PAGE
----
Cited By (23)

* Cited by examiner, † Cited by third party
Publication number Priority date Publication date Assignee Title
US6532711B2 (en) * 2001-02-07 2003-03-18 Erico International Corporation Reinforcing bar splice and method
US20080063820A1 (en) * 2001-03-15 2008-03-13 Katsubo, Fedor Fedorovich Method for Reutilizing Plastic Receptacles and Article Produced by Said Method
US6883998B2 (en) * 2001-03-27 2005-04-26 Global Innovations, Llc Connector
US20020164202A1 (en) * 2001-03-27 2002-11-07 Global Innovations, Llc Connector
US20040155518A1 (en) * 2003-01-13 2004-08-12 Raphael Schlanger Connecting system for tensile elements
US7357460B2 (en) * 2003-01-13 2008-04-15 Raphael Schlanger Connecting system for tensile elements
US8985709B2 (en) * 2004-01-12 2015-03-24 Raphael Schlanger Vehicle wheel spoke connection
US20110101768A1 (en) * 2004-01-12 2011-05-05 Raphael Schlanger Vehicle wheel spoke connection
US7175893B2 (en) * 2004-05-13 2007-02-13 State Of California, Department Of Transportation Corrosion protection method
US20050255279A1 (en) * 2004-05-13 2005-11-17 State Of California, Department Of Transportation Corrosion protection method
US20080155827A1 (en) * 2004-09-20 2008-07-03 Fyfe Edward R Method for repairing metal structure
US20110087290A1 (en) * 2004-10-07 2011-04-14 Fridolin Johannes Schlaepfer Device for dynamic stabilization of bones or bone fragments
US7509783B1 (en) * 2005-07-01 2009-03-31 Thomas Matousek Reinforcing rod
US20090199386A1 (en) * 2005-08-02 2009-08-13 Wilhelm Karmann Gmbh Installation method and installation receptacle for cabriolet roofs
US7819388B2 (en) 2006-01-17 2010-10-26 Mccallion James P Tendon gripping device
US20100031607A1 (en) * 2008-08-11 2010-02-11 Oliva Michael G Splice System for Fiber-Reinforced Polymer Rebars
US20100058705A1 (en) * 2008-09-11 2010-03-11 Hanson Elizabeth L Door straightening system and methods of using same
US20110036049A1 (en) * 2009-08-11 2011-02-17 Oliva Michael G Splice System for Connecting Rebars in Concrete Assemblies
US8413396B2 (en) * 2009-08-11 2013-04-09 Wisconsin Alumni Research Foundation Splice system for connecting rebars in concrete assemblies
US20130113210A1 (en) * 2010-06-09 2013-05-09 Logstor A/S Shrink sleeve for joining insulated pipes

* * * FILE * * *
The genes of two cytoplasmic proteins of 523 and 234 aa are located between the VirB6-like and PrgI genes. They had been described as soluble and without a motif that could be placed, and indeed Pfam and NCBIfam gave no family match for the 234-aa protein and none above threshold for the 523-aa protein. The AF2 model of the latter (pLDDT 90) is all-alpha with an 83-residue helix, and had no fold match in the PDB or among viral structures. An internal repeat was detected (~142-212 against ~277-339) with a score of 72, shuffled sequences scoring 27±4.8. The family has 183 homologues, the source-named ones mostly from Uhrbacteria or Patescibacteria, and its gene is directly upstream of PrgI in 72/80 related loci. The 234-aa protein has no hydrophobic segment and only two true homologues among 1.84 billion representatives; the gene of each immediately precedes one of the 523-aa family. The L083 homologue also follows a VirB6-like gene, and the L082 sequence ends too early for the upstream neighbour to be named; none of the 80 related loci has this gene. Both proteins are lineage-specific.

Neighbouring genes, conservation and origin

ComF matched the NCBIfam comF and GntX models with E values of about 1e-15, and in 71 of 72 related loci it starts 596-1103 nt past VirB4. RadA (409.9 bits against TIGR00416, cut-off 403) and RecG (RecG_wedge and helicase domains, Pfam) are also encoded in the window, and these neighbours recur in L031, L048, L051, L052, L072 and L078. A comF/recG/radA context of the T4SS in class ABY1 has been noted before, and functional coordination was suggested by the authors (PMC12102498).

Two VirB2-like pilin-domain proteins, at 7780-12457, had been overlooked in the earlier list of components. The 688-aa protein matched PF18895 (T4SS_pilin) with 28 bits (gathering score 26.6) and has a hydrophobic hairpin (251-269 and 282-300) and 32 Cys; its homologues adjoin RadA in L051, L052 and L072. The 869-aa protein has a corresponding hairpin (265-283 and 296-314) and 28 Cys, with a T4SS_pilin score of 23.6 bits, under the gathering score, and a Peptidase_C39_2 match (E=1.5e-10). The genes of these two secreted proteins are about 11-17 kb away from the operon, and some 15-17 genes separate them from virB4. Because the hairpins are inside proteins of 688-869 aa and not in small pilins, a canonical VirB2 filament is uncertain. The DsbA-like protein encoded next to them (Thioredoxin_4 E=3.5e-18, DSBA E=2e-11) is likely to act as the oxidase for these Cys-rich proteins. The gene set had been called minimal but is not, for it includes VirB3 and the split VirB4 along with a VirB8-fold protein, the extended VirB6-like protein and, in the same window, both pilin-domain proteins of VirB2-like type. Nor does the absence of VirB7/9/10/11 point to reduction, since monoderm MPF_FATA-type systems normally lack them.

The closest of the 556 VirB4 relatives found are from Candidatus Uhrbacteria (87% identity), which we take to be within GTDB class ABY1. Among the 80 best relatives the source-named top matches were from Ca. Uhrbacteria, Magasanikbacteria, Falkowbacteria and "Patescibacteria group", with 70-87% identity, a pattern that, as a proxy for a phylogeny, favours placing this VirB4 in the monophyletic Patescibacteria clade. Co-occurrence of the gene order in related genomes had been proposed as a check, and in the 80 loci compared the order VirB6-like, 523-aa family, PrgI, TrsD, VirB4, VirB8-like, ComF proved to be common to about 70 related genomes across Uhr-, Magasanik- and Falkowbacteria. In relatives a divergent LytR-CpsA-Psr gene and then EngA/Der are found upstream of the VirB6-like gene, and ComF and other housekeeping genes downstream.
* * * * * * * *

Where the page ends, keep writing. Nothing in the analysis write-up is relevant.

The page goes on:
US20120204499A1 (en) * 2011-02-15 2012-08-16 Randel Brandstrom Concrete Panel with Fiber Reinforced Rebar
US8511038B2 (en) * 2011-02-15 2013-08-20 Randel Brandstrom Concrete panel with fiber reinforced rebar
FR3021981A1 (en) * 2014-06-06 2015-12-11 Faceinvent S A A connecting arrangement for connecting prefabricated structures

Similar Documents

Publication Publication Date Title
US3837947A (en) Method of forming an inflatable member
US3390951A (en) Strengtheining, preservation, and extension of life of wooden poles
US3334663A (en) Method and articles for splicing plastic pipe
US3551999A (en) Butt-joining of steel bars
US5398975A (en) Composite threaded pipe connectors and method
US4096017A (en) Method and article for forming field joints on pipe coated with thermoplastic material
US5900195A (en) Protection of pipeline joint connections
US6123485A (en) Pre-stressed FRP-concrete composite structural members
US3157204A (en) Insulating and protective covering devices
US3579931A (en) Method for post-tensioning tendons
US6065781A (en) Method and apparatus for protecting the weld area of polyolefin coated pipe
US5169176A (en) Heat shrinkable clamping, connecting, repair, and reinforcing sleeve and method of use
US5043033A (en) Process of improving the strength of existing concrete support columns
US4543764A (en) Standing poles and method of repair thereof
US2319105A (en) Method of reinforcing concrete bodies
US6151850A (en) Intermediate anchorage system utilizing splice chuck
US6997260B1 (en) Method of repairing tubular members on oil and gas wells
US5326410A (en) Method for reinforcing structural supports and reinforced structural supports
US4702057A (en) Repairing utility poles
US6176051B1 (en) Splice chuck for use in a post-tension anchor system
US5937521A (en) Method of making extruded plastic members
US4666326A (en) Reinforcing bar coupling system
US5613334A (en) Laminated composite reinforcing bar and method of manufacture
US5675956A (en) Post and pole construction using composite materials
US3673029A (en) Method of making a threaded filament wound pipe

Legal Events

Date Code Title Description
FPAY Fee payment

Year of fee payment: 4

FPAY Fee payment

Year of fee payment: 8

FPAY Fee payment

Year of fee payment: 12

AS Assignment

Owner name: RJD INDUSTRIES, LLC, CALIFORNIA

Free format text: ASSIGNMENT OF ASSIGNORS INTEREST;ASSIGNOR:MCCALLION, JAMES P;REEL/FRAME:033620/0659

Effective date: 20140813